Britt Suann

Being a medical student has been a journey both academically as well as personally in mental health. Generalised anxiety is something that has been with me since a young age and it will likely continue by my side lifelong.

When my anxiety began, I found it to be like an unruly puppy; unrelenting, indefatigable and uncompromising. It would pull me on its leash and impact my life in an attention-seeking fashion. It has taken me six to seven years, but my anxiety is now tameable, with identifiable warning signs and workable solutions to occasional flare ups. Anxiety is no longer holding the leash; I feel as though I have the control.

I am open about living with anxiety because I hope to contribute to a growing movement of destigmatising mental health, particularly within the medical field. As medical students, we idolise our mentors in the hospital. From afar, senior clinicians can seem almost superhuman, all-knowing and unperturbed by the greatest of challenges. We don’t see them waver or show any signs of weakness.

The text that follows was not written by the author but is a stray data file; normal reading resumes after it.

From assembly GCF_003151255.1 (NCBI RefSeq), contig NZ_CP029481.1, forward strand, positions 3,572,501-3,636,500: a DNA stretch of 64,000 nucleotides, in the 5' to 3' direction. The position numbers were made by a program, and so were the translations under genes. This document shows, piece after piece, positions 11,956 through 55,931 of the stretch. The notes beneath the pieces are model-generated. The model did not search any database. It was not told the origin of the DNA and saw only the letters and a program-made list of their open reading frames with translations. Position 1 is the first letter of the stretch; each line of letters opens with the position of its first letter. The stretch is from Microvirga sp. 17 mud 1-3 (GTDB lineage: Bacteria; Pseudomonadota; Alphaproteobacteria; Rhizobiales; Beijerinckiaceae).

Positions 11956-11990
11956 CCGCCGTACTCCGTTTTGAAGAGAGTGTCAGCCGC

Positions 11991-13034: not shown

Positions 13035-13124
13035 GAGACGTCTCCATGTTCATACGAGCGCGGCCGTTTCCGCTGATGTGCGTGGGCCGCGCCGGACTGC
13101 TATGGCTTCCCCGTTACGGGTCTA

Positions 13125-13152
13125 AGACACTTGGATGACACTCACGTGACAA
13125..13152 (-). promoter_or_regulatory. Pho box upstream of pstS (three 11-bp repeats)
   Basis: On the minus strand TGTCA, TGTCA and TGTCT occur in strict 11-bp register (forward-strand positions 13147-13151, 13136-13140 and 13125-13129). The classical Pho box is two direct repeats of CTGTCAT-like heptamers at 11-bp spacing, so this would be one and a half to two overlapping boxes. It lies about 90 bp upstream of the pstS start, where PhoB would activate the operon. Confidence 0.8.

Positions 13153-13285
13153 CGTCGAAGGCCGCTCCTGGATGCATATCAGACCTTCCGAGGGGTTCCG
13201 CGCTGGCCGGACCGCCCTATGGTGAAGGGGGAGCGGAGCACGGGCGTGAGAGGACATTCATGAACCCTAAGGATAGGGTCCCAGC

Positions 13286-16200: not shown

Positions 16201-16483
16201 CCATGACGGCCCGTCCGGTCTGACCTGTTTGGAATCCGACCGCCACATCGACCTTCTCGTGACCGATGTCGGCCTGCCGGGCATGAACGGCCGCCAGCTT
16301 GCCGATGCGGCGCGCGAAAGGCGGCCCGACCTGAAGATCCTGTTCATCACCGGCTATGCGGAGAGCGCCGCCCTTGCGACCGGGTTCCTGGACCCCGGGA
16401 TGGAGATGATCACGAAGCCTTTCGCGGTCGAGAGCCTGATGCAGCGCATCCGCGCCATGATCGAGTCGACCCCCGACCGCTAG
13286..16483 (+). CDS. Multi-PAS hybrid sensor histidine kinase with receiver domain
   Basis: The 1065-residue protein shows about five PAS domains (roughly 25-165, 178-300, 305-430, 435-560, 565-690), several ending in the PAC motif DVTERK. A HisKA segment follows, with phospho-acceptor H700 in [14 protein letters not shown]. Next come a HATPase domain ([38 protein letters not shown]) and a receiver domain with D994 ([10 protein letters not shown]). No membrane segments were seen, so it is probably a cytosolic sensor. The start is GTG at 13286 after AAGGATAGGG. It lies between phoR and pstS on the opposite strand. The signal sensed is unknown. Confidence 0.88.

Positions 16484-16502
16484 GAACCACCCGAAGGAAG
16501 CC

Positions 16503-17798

We want to be them, but superhuman is a very high standard to live up to.

 

Photo credits to Liz Fosslien from @lizandmollie

 

Encouraging clinicians to be open about their personal struggles in medicine can help us to destigmatise asking for help and can begin the process of re-writing the current standard of “you can either deal with this industry or you can’t”.

Junior doctors have already come a long way toward changing the attitude of mental health in the community, as have movements such as Crazy Socks 4 Docs. They are helping to create a tide of change within the community.

Hopefully the stories to follow in Humans of Medicine will contribute to this destigmatisation and reveal that we all deal with burnout and Imposter syndrome amongst other aspects of mental health, and as a community we can deal with these challenges by supporting one another and encouraging open discussions about mental health.